The San Francisco Public Library is working with San Francisco Unified School District to connect students with books and other materials. (Shutterstock)

The San Francisco Public Library is working with San Francisco Unified School District to connect students with books and other materials. (Shutterstock)

April is School Library Month

In the past year, school librarians have shifted roles to meet students’ distance learning needs


When I was a child, I used to go to the library and find a quiet corner where I could read and be transported to a different world. I could stay for hours. In fact, it was at the Park Street library that I first fell in love with magic.

April is School Library Month. In the San Francisco Unified School District, we have a lot to celebrate when it comes to our teacher librarians and we don’t just go by the book when it comes to libraries.

Did you know we have more school librarians in our San Francisco public schools than nearly any other school district? Thanks to the support of San Francisco voters, funds from the Public Education Enrichment Fund (PEEF) allow us to have teacher librarians at all SFUSD elementary, K-8, middle and high schools in our district.

This is unique for public schools in California. Before we had voter-approved enrichment funds, our schools were more like other districts. In 2004, the year before the enrichment fund began, only 18 percent of our schools had credentialed librarians.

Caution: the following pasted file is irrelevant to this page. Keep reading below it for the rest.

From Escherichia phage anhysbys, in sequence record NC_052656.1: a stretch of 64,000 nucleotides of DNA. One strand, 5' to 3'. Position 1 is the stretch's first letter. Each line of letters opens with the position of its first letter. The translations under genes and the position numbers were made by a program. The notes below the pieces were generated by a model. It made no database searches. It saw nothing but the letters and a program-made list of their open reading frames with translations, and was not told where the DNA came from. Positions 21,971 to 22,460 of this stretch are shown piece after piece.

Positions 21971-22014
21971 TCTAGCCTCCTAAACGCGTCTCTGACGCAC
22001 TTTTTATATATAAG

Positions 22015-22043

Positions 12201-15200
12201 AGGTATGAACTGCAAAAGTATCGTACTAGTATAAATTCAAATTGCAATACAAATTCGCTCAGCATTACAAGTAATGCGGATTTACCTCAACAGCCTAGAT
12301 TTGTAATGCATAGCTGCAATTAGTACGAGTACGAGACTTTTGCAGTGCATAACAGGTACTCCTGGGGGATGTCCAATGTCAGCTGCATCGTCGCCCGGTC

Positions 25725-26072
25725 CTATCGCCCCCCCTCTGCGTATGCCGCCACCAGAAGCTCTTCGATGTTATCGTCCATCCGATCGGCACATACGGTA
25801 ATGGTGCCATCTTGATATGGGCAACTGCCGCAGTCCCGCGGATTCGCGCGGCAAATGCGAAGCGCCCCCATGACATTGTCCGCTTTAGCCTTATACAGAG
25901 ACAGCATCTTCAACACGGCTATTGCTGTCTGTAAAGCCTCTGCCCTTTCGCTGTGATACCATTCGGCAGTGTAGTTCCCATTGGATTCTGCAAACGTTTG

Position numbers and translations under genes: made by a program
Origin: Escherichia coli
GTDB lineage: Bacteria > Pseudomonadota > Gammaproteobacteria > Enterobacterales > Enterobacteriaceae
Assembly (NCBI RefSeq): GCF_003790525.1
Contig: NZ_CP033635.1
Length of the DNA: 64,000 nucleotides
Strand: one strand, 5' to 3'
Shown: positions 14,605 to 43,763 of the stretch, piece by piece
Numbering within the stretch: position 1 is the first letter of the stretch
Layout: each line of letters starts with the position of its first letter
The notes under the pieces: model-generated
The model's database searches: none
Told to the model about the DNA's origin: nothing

At SFUSD, all of our school librarians are credentialed teachers who plan diverse learning experiences to inspire equitable, active student participation.

During the past year, school librarians have shifted their roles to meet the students’ distance learning needs: providing literacy instruction to small groups of students, creating video tutorials to help families access ebooks and digital tools, and recording read alouds of engaging and culturally responsive books to support classroom instruction.

With school buildings closed, teacher librarians have created virtual spaces for students to connect outside of class: clubs for tinkering, crafting, and of course, reading!

Our librarians have continued to nurture SFUSD’s community of readers. Since September, our libraries have hosted a series of virtual visits from favorite authors and illustrators.

School librarians have also been working to increase access to print materials. So far this year, our librarians have mailed over 4,000 books directly to students’ homes.

Our SFUSD librarians work closely with the amazing San Francisco Public Library professionals. Three of our schools host biweekly visits from the San Francisco Public Library’s bookmobile. And, all SFUSD students automatically receive a “scholar card” from the S.F. Public Library, and can ask their school librarian for help with reserving a book and then choosing a bookmobile or other SFPL To Go site close for them to pick it up.

I know our school librarians are as eager as the rest of us to return to in-person learning where students can pick books from their own school libraries. But no matter where our students are situated now, I know they’re benefitting from having a librarian working with them and their other teachers. Please join me in celebrating the rich contributions of teacher librarians to our school communities!

Vincent Matthews is superintendent of the San Francisco Unified School District.

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